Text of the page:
The digital library JSTOR, which controls access to more than a thousand academic journals, now offers free access to some of its store of online books and papers. However, this is far from the ideal of open access and may not even be a move in that direction.
JSTOR's Register & Read beta program allows individuals to sign up for the privilege of being able to access, but not download, up to three items at a time every two weeks. It is limited in that such free accounts will only be able to access around 1,200 journals and in return users have to provide personal details that will be shared with participating publishers.
A pilot scheme with just 76 publishers that started last year attracted 150,000 users or whom 30 percent used the facility more than once. It has now attracted a further 700 publishers which expands the content on offer. This superficially seems to be a benefit to anyone unaffiliated with a university or large institution that can afford a JSTOR subscription, which can be as much as $50,000 per annum.
Given that developers often find themselves having to do research into areas outside their own expertise, additional access to academic journals seems a positive outcome of the pilot scheme, Indeed, on the face of it JSTOR seems amenable to widening access to academic resources. Back in September 2011 its Early Journal Content program made nearly 500,000 public domain journal articles from more than 220 journals, around six percent of JSTOR's total content, freely available for use by "anyone, without registration and regardless of institutional affiliation".
However the publishers who have now joined seem to be motivated more by by commercial gain than by the principle of Open Access (OA) which Wikipedia defines as:
the practice of providing unrestricted access via the Internet to peer-reviewed scholarly journal articles,
The OA movement has suddenly gained momentum due to the news Aaron Swartz, a vociferous advocate of Open Access committed suicide on January 11, 2013. See: Tributes for Internet Activist Aaron Swartz
In 2008 Swartz wrote the Gueriilla Open Access Manifesto demanding a change in publishing standards to allow scientists and academics to openly share their research. In it Swartz states a view that many will agree with:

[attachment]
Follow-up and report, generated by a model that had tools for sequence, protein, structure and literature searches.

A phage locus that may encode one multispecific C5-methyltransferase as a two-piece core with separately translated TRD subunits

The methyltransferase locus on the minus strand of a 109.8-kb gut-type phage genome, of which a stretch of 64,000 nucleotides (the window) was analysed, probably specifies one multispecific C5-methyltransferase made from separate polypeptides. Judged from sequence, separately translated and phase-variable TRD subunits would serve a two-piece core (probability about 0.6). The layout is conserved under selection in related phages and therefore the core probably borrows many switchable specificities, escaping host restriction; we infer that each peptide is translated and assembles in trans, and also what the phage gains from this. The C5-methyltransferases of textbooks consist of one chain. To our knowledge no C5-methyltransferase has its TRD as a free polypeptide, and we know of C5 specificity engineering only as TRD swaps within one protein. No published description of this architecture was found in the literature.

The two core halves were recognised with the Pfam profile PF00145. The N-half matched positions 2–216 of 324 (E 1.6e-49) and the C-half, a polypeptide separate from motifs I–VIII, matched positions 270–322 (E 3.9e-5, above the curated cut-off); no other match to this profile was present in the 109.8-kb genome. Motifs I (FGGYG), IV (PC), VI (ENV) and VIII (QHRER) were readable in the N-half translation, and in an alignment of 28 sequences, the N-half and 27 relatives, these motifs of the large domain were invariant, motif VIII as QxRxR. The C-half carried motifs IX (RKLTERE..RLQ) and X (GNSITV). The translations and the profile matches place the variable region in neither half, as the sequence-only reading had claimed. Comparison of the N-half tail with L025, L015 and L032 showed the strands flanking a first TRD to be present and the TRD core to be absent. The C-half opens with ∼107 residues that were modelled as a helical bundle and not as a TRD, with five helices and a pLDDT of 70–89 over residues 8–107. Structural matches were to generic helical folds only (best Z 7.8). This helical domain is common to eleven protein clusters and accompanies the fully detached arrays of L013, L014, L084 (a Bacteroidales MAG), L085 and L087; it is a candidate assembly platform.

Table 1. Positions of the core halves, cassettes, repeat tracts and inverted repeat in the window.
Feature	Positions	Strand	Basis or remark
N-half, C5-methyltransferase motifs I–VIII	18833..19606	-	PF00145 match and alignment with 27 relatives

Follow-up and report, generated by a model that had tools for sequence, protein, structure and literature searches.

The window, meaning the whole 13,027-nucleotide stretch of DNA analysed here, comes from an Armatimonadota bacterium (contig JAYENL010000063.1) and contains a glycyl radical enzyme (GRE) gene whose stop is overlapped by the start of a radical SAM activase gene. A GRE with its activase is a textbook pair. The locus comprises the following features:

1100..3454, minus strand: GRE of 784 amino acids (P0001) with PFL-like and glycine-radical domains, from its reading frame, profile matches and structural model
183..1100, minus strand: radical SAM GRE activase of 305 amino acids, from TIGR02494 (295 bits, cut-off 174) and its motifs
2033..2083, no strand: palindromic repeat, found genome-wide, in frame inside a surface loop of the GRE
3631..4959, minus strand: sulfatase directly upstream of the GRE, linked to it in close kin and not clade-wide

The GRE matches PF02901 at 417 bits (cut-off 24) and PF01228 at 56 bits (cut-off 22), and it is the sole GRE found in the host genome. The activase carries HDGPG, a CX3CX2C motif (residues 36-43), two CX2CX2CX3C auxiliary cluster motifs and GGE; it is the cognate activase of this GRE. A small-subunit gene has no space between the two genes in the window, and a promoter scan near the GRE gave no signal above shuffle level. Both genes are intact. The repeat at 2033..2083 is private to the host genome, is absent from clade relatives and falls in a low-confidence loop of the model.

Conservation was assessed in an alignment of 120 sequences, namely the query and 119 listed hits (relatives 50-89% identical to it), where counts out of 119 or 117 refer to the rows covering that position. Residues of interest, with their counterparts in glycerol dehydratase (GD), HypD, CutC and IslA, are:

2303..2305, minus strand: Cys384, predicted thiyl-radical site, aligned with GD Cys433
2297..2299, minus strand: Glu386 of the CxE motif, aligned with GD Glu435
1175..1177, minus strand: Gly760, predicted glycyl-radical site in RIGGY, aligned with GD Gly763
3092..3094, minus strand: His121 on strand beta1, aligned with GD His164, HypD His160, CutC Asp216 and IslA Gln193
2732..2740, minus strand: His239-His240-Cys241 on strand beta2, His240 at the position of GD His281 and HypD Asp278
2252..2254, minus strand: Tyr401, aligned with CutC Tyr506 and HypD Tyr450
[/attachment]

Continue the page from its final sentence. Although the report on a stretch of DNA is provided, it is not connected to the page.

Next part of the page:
Forcing academics to pay money to read the work of their colleagues? Scanning entire libraries but only allowing the folks at Google to read them? Providing scientific articles to those at elite universities in the First World, but not to children in the Global South? It's outrageous and unacceptable.
He goes on to suggest that people with privileged access to these resources - such as students and scientists - should feel a moral imperative to copy and share information.
Swartz put his principles into practice in 2010 when he allegedly stole about 4.8 million articles from the JSTOR journal archive via the MIT network, with the aim of making them freely available online. JSTOR declined to press charges after recovering its content from Swartz, but a criminal case had been initiated and was still being pursued by the U.S. Attorney's Office
His anti-JSTOR activities, which he perceived as being a move on behalf of justice and the public good, had already drawn attention to the question of whether paywalls are appropriate for academic paper, the same issue as that the authors of Occupy ACM are tackling by a different strategy, and news of his suicide has re-invigorated the Open Access debate.
The bottom line is that although JSTOR's Read & Register apprears to be a token effort in the right direction, it is probably of more benefit to publishers who are provided with details of potential subscribers than to individual researchers. In other words it is just another attempt to make money from material that should be in the public domain - because the public has already paid for it. JSTOR has no plans to dismantle its paywall and one of its objectives with the Register & Read program is to turn the non-affiliated readers into customers.
It is time to confront the issue that the results of academic research that has already been paid for should be freely available to all.